RYAN HARRIS: I'd caught a glimpse of the timber on the seafloor, followed along its length, just growing in anticipation and excitement and, and then you know, boom! Towering overhead, out of the haze, loomed the bulk of this stately shipwreck, full five meters tall. That sensation of finally laying a hand on the side of this storied shipwreck is, is quite a remarkable experience that I'll, I'll, I'll never forget.

NARRATOR: The wreck lies just 36 feet below the surface, but murky water and piles of broken planks make it difficult to see.

Among the timbers, a familiar shape catches the eye.

MARC-ANDRÉ BERNIER: Oh, look. Is that a gun?

RYAN HARRIS: It's a cannon.


RYAN HARRIS: Is that two of them?



RYAN HARRIS: Right. And there, there's so much to see it boggles the mind.

NARRATOR: Directly over the wreck, the Canadian Hydrographic Service carries out more sonar work, to create a virtual image of the entire site. The masts have been swept away by drifting sea ice, but the hull of the ship is in one piece.

Holes in the deck even allow the divers to get their first look inside the ship.

RYAN HARRIS: And you could look forward and, and see murky features, just an in…incredible sensation of being inside.

That's where they would have spent long harrowing winters, through the, the dark Arctic nights. It's just an absolutely remarkable sight. The fact that it's… and it still stands intact, it, it allows you to, sort of, place yourself there. You feel this connection with the past. It's really quite astonishing.

NARRATOR: To cap it all off, there is one last prize.

RYAN HARRIS: And I hear John call over on the headset, saying “You're not going to believe this, but I, I found the bell!”

And I thought I must have misheard him, but, sure enough, I went over, and there was the ship's bell, lying in plain sight, right on top of the upper deck.

NARRATOR: Embossed on the side is the year that Franklin set sail, 1845, a poignant reminder of the terrible events that played out on this ship 170 years ago.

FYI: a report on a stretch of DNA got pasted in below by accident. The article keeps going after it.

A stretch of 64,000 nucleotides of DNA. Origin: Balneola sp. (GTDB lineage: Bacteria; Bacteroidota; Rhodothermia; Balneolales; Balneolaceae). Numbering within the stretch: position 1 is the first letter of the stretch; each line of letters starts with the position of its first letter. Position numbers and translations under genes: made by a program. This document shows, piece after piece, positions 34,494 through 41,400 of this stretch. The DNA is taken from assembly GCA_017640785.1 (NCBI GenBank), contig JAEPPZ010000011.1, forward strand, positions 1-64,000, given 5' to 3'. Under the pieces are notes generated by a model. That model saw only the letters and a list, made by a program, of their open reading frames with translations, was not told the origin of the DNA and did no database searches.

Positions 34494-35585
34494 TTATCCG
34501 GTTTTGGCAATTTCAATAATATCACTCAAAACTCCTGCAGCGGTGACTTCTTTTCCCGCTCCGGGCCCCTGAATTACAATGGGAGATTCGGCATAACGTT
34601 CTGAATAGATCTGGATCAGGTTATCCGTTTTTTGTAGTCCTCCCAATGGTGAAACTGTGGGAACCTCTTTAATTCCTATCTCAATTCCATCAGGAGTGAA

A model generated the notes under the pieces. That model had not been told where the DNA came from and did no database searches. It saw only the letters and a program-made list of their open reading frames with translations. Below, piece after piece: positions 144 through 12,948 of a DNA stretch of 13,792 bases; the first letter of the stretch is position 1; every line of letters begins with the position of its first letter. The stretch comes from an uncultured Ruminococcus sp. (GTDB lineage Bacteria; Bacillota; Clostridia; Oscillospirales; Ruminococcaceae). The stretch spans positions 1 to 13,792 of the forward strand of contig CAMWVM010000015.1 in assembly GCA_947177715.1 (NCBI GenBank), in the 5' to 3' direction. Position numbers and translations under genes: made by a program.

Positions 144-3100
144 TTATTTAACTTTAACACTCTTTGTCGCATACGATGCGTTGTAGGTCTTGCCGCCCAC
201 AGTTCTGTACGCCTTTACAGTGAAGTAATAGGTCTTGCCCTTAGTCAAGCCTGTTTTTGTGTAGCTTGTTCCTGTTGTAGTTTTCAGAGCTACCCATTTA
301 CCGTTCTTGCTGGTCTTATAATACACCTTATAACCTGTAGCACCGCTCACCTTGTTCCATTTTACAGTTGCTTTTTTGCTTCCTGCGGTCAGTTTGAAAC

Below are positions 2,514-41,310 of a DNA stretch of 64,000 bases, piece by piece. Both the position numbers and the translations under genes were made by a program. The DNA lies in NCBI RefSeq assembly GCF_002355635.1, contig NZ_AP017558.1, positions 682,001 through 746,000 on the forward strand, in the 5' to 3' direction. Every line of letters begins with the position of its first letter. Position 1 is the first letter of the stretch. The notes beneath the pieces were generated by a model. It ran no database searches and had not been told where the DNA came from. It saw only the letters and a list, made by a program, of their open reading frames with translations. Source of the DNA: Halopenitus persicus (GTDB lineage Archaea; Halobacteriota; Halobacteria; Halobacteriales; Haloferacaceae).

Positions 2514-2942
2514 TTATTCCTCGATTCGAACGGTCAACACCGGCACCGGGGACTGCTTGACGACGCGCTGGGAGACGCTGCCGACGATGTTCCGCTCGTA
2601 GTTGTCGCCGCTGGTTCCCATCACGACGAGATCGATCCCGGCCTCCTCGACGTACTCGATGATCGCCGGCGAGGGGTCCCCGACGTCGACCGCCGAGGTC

RYAN HARRIS: Today was an extraordinary day. I've never had the like of it in my entire career and, and probably never will, after this day. This wreck site, without a doubt, is one of the most extraordinary things I've ever laid eyes on. It is absolutely an underwater archaeologist's dream.

NARRATOR: To identify which ship they've found, the team takes measurements from the high-resolution sonar data.

RYAN HARRIS: This image, here, kind of, shows a good perspective for, for extracting length measurements.

NARRATOR: According to the 1845 plans, from the National Maritime Museum, the dimensions of Erebus and Terror were subtly different. Carefully comparing the sonar image with the plans, only one of the ships is a perfect match.

The wreck must be HMS Erebus, Franklin's flagship.

The sonar data is used to produce this three dimensional reconstruction. The wreck will be explored in great detail in years to come, but it's already produced an extraordinary idea that could rewrite the history of Franklin's expedition. Both ships were originally thought to have been abandoned off King William Island, much further north, so, how did Erebus move 100 miles to the south?

RYAN HARRIS: So, where the wreck of Erebus is found, it actually happens to be protected, almost surrounded by a barrier of, of small islands and islets. What we ask ourselves is how this ship arrived at that location.

NARRATOR: Satellite imagery from the Canadian Ice Service shows that ice in this area tends to drift south with the wind. Could this have carried Erebus south? Or might there be another explanation?

RYAN HARRIS: You see the, the tendril of ice coming down the bottom of the screen and that's being expelled from the Victoria Strait into the Queen Maud Gulf. So, it's not terribly surprising that at least one of the ships, ultimately, would have been directed towards Wilmott and Crampton Bay. What is less clear however is how it could have gotten through this tangled web of small islands and shoals, how it worked itself into a protective pocket of where we find it today.

NARRATOR: Harris and Bernier believe it's unlikely that the ice could drag a ship, intact, through the maze of reefs and shoals.